CORONAVIRUS

Seven Iowans test negative for novel coronavirus; one test still pending

This illustration provided by the Centers for Disease Control and Prevention in January 2020 shows the 2019 Novel Corona
This illustration provided by the Centers for Disease Control and Prevention in January 2020 shows the 2019 Novel Coronavirus (2019-nCoV). This virus was identified as the cause of an outbreak of respiratory illness first detected in Wuhan, China. (CDC via AP)
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The results of seven individuals being tested for the novel coronavirus have come back negative, state public health officials confirmed Wednesday.

However, one Iowan still is waiting for test results for COVID-19, the respiratory virus spreading rapidly across the globe, according to the Iowa Department of Public Health. With this announcement, this brings the total number of individuals tested in Iowa to 8.

The department has declined to release identifying information on these individuals, citing patient privacy concerns.

Dr. Caitlin Pedati, state epidemiologist and medical director for IDPH, told reporters during a conference call Tuesday that the number of people being tested isn’t necessarily something to worry about.

“I think it’s a reflection that we have this capability and that laboratory, public health, clinical personal and a variety of our partners throughout the state are doing exactly what we would want in a situation like this,” Pedati said.

Officials have previously stated there is a 24-hour turnaround time on these tests, which is being conducted by the State Hygienic Lab.

The Coralville-based state public health laboratory was authorized to perform COVID-19 tests as of last week. In a news conference Wednesday, officials with the lab told reporters they have about 250 test kits for the virus, and are expecting another shipment yet on Wednesday.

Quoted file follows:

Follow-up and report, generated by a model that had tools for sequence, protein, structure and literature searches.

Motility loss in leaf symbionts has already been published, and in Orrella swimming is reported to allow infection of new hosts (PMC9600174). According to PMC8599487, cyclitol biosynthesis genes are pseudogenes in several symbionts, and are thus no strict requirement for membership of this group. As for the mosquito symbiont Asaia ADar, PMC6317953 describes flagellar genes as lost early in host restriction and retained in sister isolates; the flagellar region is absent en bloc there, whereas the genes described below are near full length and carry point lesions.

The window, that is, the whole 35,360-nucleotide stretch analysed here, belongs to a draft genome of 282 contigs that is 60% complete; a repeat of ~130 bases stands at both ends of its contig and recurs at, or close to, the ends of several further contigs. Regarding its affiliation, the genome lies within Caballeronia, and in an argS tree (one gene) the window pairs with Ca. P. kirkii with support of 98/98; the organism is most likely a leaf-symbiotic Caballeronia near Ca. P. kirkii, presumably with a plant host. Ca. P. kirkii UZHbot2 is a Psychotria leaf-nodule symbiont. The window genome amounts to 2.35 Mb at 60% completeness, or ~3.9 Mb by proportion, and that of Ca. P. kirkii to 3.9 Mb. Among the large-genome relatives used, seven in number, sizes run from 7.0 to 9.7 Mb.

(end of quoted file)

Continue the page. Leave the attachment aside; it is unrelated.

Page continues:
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Earlier this week, state public health officials asked any Iowans to voluntarily isolate themselves for 14 days if they have recently returned from China, Hong Kong, Iran, Italy, Japan and South Korea.

Individuals who self-quarantine are asked to stay in their homes. They should not go to school or work and avoid large public gathering spaces where the virus could spread to others.

Pedati encouraged employers to consider flexible leave policies and tele-working options.

“We recognize staying at home for 14 days is an inconvenience, but it is an important way to limit the spread of a variety of illnesses, including COVID-19,” Pedati said in a news release Tuesday.

Self-isolating individuals should also monitor for symptoms of COVID-19, which can include fever, cough and shortness of breath. Symptoms have been known to appear in as few as two days or as many as two weeks after exposure, public health experts say.

Officials said these new measures is a proactive measure in an effort to delay or control a potential spread of the respiratory virus in Iowa.

Nearly 91,000 cases of COVID-19 have been confirmed in 70 countries, including the United States, according to the World Health Organization. More than 3,000 deaths have been associated with the virus.

Eleven deaths have occurred in the United States, including the first death in California on Wednesday, according to news reports.

Iowa’s public health officials are encouraging individuals to take public health precautions at this time, which include covering coughs and sneezes, washing hands often and staying home when sick.

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They are also encouraging Iowans to prepare for any potential disruptions in the same way they would plan for severe weather — by discussing it with family and making a plan.

Gazette reporter Vanessa Miller contributed to this report.

Comments: (319) 368-8536; michaela.ramm@thegazette.com

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